Generally cows produce milk when they deliver the calf and will continue to give milk till they are dried-off. The cow normally is in DRY condition after 305 days of continuous lactation. This dry season lasts till the cow is with the next calf. Cow has a gestation period of 280 days almost similar to a human gestation time.During the dry season  it will not give milk.Once our cow declared that it will not give milk.So we were without milk.This information has gone to my mother’s father and he has sent another milking cow and the dried up cow was sent back to Korumilli.This rotation of cows kept us with continuous milk supply.My mother’s father used to have lot of cows and in the group there will always be few milk giving cows or lactation cows .My maternal grandfather has no problem in sending a milk yielding cow but I came to know later that he used to have problem with the cows that returned from our house.

My grandfather was a landlord and he also had farms. He also used to have a mini dairy. His paaleru used to take all the cows to the banks river Godavari for grazing the pastures. Godavari river flows in such a way that it forms mini islands in between its streams.There will be lot of green grass on these islands and the cattle have to cross the rivulets to reach the island.The rest of the cattle used to cross the waters easily but the cows returned from our house would be scared to cross the water.The reason being the cows in our house are kept in the house only and they never gone out into the fields and rivers. They were fed with cut grass and they forgot how to graze in the open meadows.

This rotation of cows between the two houses of my father and grandfather stopped somewhere for some unknown reason and our family was buying milk from milk vendors. With the result our beautiful brass paala tappela was not used and given permanent rest. Finally it joined my antique collection and occupies a regal place in our collection as well as in our hearts. Now both my mother and my maternal grandfather passed away long back, but their images and memories flood my thoughts whenever I see this Paala tappela that gave a glorious service to our family.

Milking a cow is an art .First you should establish a friendly rapport with the cow. If you approach her with negative vibes it will sense and will not cooperate with you. If you have a friendly approach she will cooperate and allow you to milk her. You have to sit in a correct posture near the cow with a convenient proximity to the udder and the teats. Youhave to sit on your feet with the knees folded. The paala tappela is kept in between the folded knees and milking is done with both the hands. The paala tappela should be positioned directly under the udder of the cow and the teats are to be squeezed so that the milk directly falls into the paala tappela. This is the traditional and professional way of milking the cow. Now a days people sit on a stool and keep the Paala tappela on the ground under the cows podugu(udder)and milk the cow. However the cow will enjoy giving the milk to a seasoned milk man by his rhythmic squeezing movements. Whereas, it will not enjoy the clumsy movements of a nervous new comer.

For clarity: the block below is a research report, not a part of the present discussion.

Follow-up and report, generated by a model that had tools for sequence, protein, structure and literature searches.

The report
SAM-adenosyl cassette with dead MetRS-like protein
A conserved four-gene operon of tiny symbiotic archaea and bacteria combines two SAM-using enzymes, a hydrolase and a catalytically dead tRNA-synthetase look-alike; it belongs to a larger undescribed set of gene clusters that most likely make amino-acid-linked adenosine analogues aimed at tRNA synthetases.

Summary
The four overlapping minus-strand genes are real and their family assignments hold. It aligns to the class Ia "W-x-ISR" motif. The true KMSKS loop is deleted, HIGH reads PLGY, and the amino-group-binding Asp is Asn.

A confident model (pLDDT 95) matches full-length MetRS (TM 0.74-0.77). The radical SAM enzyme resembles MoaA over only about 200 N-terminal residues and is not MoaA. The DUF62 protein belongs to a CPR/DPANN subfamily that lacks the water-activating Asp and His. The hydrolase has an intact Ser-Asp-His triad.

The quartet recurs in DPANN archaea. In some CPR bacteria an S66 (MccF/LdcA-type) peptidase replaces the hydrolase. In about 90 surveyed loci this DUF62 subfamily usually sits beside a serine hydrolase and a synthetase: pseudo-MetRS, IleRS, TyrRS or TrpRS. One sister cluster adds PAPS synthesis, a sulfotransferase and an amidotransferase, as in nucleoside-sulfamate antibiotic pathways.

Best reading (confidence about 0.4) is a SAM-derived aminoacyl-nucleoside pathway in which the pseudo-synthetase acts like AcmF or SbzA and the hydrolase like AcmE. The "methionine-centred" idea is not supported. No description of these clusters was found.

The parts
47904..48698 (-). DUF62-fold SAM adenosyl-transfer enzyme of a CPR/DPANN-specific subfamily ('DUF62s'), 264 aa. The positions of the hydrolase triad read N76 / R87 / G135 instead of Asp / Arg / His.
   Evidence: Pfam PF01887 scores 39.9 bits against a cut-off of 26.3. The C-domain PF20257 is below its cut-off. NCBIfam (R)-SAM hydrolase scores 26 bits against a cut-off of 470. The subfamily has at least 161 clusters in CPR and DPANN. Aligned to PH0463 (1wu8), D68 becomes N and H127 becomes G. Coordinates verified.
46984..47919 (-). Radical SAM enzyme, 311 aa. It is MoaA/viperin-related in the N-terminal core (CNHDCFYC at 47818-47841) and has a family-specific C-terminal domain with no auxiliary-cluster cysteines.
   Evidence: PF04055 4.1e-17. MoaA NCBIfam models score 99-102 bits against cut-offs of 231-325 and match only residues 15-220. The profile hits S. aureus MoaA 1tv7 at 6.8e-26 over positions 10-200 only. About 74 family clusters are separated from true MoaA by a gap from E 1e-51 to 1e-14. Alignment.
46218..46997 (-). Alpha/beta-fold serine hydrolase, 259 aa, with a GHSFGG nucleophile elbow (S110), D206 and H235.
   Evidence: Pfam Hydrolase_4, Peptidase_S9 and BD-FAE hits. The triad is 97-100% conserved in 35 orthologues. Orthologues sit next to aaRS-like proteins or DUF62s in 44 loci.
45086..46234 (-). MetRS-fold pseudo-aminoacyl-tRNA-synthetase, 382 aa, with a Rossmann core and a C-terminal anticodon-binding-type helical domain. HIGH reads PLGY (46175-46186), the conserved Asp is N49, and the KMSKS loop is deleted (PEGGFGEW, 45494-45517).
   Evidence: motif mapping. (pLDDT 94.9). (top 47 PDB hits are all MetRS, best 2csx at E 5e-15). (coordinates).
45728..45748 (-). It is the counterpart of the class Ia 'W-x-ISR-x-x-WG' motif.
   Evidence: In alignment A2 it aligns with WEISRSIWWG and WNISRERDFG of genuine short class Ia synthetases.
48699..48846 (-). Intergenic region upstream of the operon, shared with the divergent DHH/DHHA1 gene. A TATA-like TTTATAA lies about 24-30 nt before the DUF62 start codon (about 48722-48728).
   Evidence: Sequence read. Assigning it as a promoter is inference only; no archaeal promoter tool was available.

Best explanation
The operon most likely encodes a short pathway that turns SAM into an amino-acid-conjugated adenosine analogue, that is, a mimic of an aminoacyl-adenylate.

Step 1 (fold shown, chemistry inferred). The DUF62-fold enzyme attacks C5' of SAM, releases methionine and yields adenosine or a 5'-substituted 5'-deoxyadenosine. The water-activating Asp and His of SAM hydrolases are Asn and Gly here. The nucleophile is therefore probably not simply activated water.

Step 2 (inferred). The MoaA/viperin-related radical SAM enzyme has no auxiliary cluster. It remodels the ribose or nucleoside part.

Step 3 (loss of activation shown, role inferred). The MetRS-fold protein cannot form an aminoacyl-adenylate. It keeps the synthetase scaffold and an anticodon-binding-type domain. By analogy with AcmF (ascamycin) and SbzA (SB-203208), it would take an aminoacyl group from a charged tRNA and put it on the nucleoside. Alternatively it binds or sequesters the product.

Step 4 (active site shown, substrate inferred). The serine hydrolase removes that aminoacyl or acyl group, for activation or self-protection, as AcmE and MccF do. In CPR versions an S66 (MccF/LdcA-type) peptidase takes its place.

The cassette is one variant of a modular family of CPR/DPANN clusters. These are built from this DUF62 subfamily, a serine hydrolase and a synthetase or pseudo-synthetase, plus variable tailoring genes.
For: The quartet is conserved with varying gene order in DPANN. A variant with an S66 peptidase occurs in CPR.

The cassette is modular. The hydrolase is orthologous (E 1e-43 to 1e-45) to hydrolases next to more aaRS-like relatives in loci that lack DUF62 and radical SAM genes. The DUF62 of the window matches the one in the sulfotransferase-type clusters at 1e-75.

The job of paaleru is also to take care of the daily discharge of the cow dung.He used to make pidakalu out of the cow dung. Pidakalu are the dung made to the shape of a round disk and dried in the sun. These cow dung pidakalu are used as a fuel to boil water or milk. For Sankranthi festival as children we used to make small pidakalu called bogi pidakalu in the shape of wadas and we used to make a garland of the Bhogi pidakalu and put them in the Bhogimanta, the ceremonial fire lit in the early morning of Bhogi pandaga that falls one day before the Sankranthi. After dropping the bhogi pidakalu garland in the fire me, my sisters along with children used to sit around the fire and warm ourselves against the January winter cold .The Sankranthi festival generally falls on 13th,14th and 15th  of January.